Patient perspective: what’s it like to have chronic vestibular migraine?


Dr Ann Williams and family


What medical condition are you affected by?
Chronic vestibular migraine, peripheral vestibular dysfunction, ulcerative colitis (pancolitis) with secondary spondyloarthropathy.

When were you diagnosed?
Vestibular migraine: 2004, but had been ill since 1993 with misdiagnosis of ME.

Ulcerative colitis: 2011.

What is involved in managing symptoms now?
Vestibular migraine: symptoms are not well controlled at all. I am currently taking pregabalin and nortryptyline, with sumatriptan for acute episodes, but my neurologist has put me on the waiting list to see the head of the headache clinic to try Botox because none of the preventative medications I have tried have been effective.

Ulcerative colitis: currently well controlled with 2g mesalazine daily and some dietary limitations.

How is your daily life affected?
My chronic migraine symptoms mean that I have had to give up driving in 2000. I feel severely unwell in busy/crowded areas and anywhere with fluorescent lighting. I struggle to leave the house on my own because I feel constantly spaced out and unstable even on a good day. I had to give up my career – I had just completed a PhD in psychology and was starting a postdoctoral research position when my symptoms worsened to the point. I could no longer function and I can now only do limited amounts of freelance academic proofreading work from home. On a good day I can get to the next street to collect my son from school, but that’s basically the scope of my life now.

The ulcerative colitis doesn’t have a major effect on my daily life at present because it is very well controlled, but the occasional flare-ups of the secondary spondyloarthropathy cause severe joint and tendon inflammation and pain, and limit my mobility. This has not flared up for a couple of years though.

Has your outlook on life changed?
Yes, inevitably. I am very limited in how much I can get out and about, I can’t socialise normally because noisy places exacerbate my symptoms and my head symptoms are invisible but so weird that nobody understands my experiences. This has left me quite isolated and caused a lot of depression and anxiety. I value the days I can get out and do normal things with the help of my partner.

How has your care been since diagnosis? Has there been any good care or conversely any bad care?
There were multiple examples of extremely poor care before my vestibular migraine was diagnosed. My first GP diagnosed me with ME and anaemia and did no further testing, but merely put me on antidepressants and left me to rot, upping the dose every time I went back to say I was feeling no better.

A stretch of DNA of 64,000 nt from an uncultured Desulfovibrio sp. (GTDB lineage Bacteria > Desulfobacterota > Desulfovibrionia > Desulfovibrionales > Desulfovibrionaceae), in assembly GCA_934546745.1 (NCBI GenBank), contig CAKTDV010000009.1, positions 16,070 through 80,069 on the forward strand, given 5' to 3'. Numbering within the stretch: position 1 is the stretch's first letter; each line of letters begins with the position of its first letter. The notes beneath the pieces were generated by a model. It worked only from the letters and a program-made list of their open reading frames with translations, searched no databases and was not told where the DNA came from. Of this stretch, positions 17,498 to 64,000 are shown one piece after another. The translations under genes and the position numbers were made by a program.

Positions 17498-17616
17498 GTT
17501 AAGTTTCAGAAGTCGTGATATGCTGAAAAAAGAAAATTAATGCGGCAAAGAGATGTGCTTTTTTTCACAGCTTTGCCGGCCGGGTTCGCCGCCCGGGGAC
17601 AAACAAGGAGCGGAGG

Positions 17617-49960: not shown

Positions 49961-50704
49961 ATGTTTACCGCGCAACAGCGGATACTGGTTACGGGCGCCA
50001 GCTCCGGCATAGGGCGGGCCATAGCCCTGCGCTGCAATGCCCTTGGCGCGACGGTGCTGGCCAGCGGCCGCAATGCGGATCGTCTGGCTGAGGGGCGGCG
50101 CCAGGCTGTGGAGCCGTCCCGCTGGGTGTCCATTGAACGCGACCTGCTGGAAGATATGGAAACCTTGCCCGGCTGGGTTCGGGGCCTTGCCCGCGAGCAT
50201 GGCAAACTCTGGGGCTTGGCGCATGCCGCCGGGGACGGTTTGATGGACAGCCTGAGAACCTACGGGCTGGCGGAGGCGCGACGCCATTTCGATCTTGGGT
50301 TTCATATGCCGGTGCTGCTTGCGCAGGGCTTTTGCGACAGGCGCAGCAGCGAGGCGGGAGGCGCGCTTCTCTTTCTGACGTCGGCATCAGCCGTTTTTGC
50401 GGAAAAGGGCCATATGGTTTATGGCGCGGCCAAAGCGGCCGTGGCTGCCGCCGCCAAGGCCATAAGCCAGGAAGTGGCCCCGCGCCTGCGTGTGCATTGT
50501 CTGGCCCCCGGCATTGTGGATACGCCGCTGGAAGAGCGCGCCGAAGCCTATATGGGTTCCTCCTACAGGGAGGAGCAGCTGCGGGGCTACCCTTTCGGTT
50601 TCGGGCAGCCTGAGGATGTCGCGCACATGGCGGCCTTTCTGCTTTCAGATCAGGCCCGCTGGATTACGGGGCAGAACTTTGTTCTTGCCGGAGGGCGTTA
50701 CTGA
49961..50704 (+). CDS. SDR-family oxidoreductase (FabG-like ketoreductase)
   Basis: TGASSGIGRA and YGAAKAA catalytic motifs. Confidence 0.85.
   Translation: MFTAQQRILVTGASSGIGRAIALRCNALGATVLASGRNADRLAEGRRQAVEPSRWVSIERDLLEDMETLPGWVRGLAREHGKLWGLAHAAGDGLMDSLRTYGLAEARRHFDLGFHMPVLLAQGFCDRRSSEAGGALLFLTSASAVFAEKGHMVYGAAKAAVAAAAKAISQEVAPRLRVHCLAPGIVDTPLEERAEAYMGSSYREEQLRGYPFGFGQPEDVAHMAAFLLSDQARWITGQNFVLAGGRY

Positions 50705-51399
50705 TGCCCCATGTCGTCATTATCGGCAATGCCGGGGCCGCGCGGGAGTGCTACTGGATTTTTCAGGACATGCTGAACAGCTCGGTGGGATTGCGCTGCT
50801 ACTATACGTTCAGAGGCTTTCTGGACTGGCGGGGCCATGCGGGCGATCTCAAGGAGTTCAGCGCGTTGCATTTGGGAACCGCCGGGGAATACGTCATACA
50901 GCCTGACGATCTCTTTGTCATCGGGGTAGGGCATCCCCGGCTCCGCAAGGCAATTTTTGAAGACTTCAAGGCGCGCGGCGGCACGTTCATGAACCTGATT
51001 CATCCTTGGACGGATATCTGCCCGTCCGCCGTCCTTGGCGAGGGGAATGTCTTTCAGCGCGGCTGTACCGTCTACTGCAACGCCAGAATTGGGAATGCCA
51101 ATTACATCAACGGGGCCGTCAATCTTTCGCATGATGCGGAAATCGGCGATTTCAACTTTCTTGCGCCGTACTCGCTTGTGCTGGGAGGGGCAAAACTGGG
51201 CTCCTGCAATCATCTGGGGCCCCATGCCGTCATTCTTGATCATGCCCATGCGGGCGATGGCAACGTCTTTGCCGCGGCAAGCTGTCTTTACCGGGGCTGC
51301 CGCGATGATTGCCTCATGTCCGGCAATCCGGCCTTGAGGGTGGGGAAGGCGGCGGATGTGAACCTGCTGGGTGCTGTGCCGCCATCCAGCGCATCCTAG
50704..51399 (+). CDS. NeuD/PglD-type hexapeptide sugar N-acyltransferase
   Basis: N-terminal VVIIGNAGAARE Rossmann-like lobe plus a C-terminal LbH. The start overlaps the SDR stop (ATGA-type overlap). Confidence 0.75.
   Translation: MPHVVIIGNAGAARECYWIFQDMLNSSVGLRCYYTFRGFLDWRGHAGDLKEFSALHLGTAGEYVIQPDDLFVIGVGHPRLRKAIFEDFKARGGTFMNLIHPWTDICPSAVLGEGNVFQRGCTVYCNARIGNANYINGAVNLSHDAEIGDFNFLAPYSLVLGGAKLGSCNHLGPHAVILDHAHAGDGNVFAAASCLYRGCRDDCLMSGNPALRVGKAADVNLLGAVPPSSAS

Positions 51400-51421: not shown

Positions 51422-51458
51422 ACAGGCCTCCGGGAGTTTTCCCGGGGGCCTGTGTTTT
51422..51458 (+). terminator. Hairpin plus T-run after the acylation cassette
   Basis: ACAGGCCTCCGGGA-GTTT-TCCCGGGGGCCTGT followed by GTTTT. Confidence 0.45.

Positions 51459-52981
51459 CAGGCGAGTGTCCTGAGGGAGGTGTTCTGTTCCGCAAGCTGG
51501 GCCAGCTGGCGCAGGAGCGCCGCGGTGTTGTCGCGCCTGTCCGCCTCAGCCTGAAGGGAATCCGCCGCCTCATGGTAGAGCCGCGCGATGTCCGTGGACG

A second GP told me very aggressively that it was all in my head, and the first ENT consultant I saw was similarly aggressive and said it was all just anxiety. I had to pay to see a private neuro-otologist before I was listened to.

Vestibular testing demonstrated significant inner ear damage that was not being compensated for because of chronic silent migraine, with acute migraine episodes mostly being triggered hormonally. My current neurologist, however, has been excellent and has looked into my problems from several directions – preventative medication, hormonal management, testing for issues such as histamine intolerance, and is now referring me to a colleague to try Botox.

Care for my ulcerative colitis has been excellent since diagnosis – ‘visible’ symptoms are taken far more seriously throughout the NHS. My diagnosis could have been made much earlier though. I have suffered severe unexplained anaemia since the early 1990s and none of my GPs ever bothered to investigate it, merely handing out iron tablets, when colonoscopies showed that I had probably been bleeding high in my colon for at least a decade.

Are there any positive aspects to the disease or your life living with the consequences?
Not really, no!

If you could give one piece of advice to the healthcare professionals that you have come into contact with what would it be?
Just because something is ’invisible’ that doesn’t mean it’s not real. If a patient is anxious/depressed and is talking about invisible symptoms, please don’t assume that these symptoms are because of the anxiety or depression. In many, many cases it’s the other way around – my anxiety is caused by my physical illness, but it took me years to find a doctor who looked at it in the right direction, by which time I had been suffering terrifying symptoms daily, battling on alone with no idea what was wrong with me. This has had a profoundly damaging effect on my mental and physical health.

Dr Ann Williams lives in Wales and is a freelance academic proof-reader 

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